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At least 14 dead as Islamic State targets Kirkuk area of Iraq


Iraqi soldiers wait for an attack to begin against the Islamic State (AP)

Iraqi soldiers wait for an attack to begin against the Islamic State (AP)

Iraqi soldiers wait for an attack to begin against the Islamic State (AP)

Islamic State (IS) militants have killed at least 14 people after launching a wave of pre-dawn attacks in and around the northern Iraqi city of Kirkuk on Friday.

The assault appeared aimed at diverting attention from the Iraqi offensive to retake Mosul and raised fears the extremists could lash out in unpredictable ways as they defend the largest city under their control and their last urban bastion in Iraq.

Multiple explosions rocked Kirkuk and gunfire rang out around the provincial headquarters where the fighting was concentrated.

Smoke billowed over the city and the streets were largely deserted out of fear of militant snipers.

IS said its fighters targeted the provincial headquarters in a claim carried by its Aamaq news agency.

North of the city, three suicide bombers stormed a power plant in the town of Dibis, killing 13 workers, including four Iranian technicians, before blowing themselves up as police arrived, said Major Ahmed Kader Ali, the Dibis police chief.

Iran's Foreign Ministry spokesman Bahram Ghasemi condemned the assault, which he said also wounded three Iranian workers, according to the official IRNA news agency. It was not immediately clear if Iranians were targeted in other attacks.

The Turkmeneli TV station, which had earlier shown live footage of smoke rising from outside the provincial headquarters, said in a news bulletin one of its reporters, Ahmet Haceroglu, was killed by a sniper while covering the fighting.

There was no immediate word on casualties among other civilians or the Kurdish forces in Kirkuk. Police and hospital officials could not be reached for comment.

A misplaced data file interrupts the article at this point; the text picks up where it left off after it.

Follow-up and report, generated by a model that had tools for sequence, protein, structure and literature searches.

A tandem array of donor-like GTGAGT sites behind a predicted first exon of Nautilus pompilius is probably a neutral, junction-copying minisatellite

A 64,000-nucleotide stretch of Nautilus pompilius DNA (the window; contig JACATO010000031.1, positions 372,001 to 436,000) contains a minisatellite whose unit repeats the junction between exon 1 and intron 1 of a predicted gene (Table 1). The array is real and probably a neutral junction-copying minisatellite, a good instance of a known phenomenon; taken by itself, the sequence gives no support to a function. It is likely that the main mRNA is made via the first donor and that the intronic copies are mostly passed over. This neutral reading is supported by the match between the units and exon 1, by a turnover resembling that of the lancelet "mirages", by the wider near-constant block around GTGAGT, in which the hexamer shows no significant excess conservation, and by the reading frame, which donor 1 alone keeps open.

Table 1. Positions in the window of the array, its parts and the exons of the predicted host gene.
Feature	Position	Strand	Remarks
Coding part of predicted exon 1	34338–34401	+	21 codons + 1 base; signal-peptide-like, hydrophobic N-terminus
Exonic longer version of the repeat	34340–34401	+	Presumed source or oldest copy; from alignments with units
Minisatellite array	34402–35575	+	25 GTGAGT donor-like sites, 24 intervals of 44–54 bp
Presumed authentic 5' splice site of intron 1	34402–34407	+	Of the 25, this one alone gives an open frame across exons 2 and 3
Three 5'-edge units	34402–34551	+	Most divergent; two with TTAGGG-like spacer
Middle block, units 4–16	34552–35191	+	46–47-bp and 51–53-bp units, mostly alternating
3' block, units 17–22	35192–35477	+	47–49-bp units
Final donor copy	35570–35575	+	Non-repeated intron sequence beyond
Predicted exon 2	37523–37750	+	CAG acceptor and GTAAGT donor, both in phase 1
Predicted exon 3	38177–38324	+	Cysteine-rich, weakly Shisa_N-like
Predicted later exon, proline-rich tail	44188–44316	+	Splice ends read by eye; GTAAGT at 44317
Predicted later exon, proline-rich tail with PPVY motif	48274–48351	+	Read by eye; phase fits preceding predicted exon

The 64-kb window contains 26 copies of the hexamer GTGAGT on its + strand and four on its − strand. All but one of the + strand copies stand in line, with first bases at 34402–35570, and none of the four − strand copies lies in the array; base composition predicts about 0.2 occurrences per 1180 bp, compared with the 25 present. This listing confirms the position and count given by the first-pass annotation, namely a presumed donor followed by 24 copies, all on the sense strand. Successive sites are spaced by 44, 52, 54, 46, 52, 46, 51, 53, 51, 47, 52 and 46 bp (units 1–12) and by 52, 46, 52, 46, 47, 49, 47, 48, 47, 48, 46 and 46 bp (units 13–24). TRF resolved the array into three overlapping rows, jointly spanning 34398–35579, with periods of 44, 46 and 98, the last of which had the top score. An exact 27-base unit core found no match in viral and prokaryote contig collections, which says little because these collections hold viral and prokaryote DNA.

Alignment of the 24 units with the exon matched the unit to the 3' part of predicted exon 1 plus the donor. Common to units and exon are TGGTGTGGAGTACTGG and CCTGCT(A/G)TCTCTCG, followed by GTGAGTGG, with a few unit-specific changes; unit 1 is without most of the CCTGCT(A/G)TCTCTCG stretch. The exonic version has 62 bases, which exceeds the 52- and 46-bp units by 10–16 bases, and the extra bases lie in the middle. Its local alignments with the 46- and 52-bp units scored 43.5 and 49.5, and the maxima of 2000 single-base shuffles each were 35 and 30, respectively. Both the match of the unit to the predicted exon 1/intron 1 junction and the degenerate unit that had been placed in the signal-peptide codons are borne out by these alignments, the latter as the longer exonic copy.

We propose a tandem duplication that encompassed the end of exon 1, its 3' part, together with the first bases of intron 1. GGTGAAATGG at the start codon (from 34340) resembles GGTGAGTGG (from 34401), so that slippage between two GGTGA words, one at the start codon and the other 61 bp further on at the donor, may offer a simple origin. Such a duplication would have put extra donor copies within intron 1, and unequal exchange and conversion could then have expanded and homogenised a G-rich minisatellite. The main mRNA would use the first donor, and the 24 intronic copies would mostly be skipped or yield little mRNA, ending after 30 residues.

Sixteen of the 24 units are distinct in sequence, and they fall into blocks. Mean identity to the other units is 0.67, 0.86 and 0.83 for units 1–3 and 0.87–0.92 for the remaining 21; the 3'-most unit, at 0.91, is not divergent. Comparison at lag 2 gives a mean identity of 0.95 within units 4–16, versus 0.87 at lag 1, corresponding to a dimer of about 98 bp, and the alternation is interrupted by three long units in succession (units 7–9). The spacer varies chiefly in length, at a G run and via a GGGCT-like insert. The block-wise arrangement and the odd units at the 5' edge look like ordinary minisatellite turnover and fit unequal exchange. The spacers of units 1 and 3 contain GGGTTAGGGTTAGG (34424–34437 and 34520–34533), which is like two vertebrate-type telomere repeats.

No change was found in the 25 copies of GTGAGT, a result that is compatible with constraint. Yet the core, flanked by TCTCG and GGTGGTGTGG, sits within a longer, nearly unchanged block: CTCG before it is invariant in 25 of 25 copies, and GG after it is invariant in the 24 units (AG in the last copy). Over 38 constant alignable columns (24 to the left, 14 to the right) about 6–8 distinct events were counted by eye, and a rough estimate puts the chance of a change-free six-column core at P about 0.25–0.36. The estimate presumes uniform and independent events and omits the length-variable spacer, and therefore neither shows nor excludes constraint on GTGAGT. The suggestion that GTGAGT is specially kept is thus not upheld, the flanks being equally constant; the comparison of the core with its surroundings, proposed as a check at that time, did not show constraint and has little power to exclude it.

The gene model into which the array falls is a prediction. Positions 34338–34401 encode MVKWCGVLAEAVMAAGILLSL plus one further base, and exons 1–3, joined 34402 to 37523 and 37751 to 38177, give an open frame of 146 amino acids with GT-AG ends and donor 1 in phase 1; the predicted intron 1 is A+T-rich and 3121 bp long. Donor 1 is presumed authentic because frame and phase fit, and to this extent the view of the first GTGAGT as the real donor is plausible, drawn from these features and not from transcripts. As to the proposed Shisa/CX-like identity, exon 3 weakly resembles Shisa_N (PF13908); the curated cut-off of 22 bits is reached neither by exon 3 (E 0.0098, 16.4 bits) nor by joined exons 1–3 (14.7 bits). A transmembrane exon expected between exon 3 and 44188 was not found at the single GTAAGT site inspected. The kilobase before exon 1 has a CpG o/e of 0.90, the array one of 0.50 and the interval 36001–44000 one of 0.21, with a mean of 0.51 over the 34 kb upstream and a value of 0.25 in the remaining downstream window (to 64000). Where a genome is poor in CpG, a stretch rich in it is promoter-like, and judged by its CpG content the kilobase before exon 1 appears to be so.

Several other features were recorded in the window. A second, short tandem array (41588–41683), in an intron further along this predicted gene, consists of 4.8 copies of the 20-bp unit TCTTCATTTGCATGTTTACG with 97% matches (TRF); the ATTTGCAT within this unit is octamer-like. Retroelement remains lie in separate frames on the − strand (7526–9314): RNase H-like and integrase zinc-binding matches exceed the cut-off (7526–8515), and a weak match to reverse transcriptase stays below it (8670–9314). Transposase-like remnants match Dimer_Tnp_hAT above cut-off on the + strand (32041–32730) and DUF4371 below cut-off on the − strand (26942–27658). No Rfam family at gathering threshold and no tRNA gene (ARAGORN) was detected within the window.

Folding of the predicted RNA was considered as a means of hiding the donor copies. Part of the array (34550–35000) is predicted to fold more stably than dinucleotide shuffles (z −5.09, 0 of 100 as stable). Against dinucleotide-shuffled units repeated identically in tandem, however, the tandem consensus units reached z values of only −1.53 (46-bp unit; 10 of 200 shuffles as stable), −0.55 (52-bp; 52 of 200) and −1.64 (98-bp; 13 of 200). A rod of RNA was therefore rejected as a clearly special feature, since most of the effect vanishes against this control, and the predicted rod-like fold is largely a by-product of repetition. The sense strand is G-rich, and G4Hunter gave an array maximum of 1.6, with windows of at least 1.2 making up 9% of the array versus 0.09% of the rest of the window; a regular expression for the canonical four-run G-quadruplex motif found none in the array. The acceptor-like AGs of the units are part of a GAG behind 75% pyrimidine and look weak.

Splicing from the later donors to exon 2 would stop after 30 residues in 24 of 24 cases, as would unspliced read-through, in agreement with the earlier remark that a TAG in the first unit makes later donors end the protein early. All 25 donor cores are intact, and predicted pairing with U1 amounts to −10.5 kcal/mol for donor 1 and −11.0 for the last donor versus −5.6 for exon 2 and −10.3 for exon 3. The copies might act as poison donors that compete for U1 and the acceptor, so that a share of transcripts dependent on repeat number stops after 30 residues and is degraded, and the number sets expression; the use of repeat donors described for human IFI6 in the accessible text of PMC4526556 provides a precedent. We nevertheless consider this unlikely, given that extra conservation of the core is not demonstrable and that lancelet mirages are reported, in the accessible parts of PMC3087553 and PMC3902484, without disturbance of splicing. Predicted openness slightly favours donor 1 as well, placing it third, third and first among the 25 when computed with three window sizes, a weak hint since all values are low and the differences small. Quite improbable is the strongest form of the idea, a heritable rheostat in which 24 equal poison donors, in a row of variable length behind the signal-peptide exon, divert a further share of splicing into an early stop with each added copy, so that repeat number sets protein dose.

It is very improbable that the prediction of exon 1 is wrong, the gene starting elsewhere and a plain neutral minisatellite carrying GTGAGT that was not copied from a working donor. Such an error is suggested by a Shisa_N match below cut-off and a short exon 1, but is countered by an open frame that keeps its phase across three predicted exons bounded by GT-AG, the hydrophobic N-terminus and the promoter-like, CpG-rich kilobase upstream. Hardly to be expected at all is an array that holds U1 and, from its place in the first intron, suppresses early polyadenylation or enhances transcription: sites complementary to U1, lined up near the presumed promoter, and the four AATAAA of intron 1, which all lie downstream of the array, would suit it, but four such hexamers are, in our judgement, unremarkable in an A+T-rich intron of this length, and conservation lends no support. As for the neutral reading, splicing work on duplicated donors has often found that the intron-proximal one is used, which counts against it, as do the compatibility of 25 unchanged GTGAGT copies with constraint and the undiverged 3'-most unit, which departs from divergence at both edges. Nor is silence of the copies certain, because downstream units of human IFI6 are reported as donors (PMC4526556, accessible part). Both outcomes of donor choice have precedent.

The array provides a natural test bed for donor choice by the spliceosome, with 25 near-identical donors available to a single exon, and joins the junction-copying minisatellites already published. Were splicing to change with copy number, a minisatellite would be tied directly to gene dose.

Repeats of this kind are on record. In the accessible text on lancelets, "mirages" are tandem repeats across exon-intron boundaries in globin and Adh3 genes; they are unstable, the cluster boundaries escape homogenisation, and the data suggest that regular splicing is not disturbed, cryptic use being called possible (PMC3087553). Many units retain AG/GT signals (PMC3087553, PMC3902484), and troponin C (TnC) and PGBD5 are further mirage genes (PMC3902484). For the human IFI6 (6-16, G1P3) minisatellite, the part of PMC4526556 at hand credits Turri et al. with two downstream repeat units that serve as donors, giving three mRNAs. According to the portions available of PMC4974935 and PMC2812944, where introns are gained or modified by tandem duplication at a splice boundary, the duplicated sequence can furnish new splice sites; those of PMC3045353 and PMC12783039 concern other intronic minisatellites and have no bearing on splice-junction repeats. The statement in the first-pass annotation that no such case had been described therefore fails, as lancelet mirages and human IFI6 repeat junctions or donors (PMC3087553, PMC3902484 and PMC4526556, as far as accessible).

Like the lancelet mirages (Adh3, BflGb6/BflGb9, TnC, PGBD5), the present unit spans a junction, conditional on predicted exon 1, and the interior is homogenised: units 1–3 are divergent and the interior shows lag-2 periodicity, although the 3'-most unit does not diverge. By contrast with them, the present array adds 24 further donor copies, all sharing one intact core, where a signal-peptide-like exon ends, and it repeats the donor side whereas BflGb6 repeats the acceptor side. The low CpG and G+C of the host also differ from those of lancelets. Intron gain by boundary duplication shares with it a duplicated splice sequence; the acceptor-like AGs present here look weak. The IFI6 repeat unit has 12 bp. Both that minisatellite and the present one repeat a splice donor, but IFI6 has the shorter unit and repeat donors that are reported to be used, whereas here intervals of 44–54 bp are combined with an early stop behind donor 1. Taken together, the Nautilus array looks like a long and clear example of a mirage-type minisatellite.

Kirkuk is some 100 miles from the IS-held city of Mosul, where Iraqi forces launched a wide-scale offensive on Monday.

IS has in the past resorted to suicide bombings in and around Baghdad in response to battlefield losses elsewhere in the country.

Kurdish forces assumed full control of Kirkuk in the summer of 2014 as Iraq's army and police crumbled in the face of a lightning advance by IS.

Kemal Kerkuki, a senior commander of Kurdish peshmerga forces west of Kirkuk, said the town where his base is located outside the city also came under attack early on Friday, but that his forces repelled the assault.

Iraqi and Kurdish forces backed by a US-led coalition launched the multi-pronged assault this week to retake Mosul and surrounding areas - the largest operation undertaken by the Iraqi military since the 2003 US-led invasion.

Elsewhere in Iraq, the country's top Shiite cleric called on forces taking part in the Mosul offensive to protect civilians, and for residents of Mosul, a mainly Sunni city, to co-operate with security forces.

"We stress today upon our beloved fighters, as we have before on many occasions, that they exercise the greatest degree of restraint in dealing with civilians stuck in the areas where there is fighting," the reclusive Grand Ayatollah Ali al-Sistani said in a Friday sermon read by an aide.

"Protect them and prevent any harm to them by all possible means."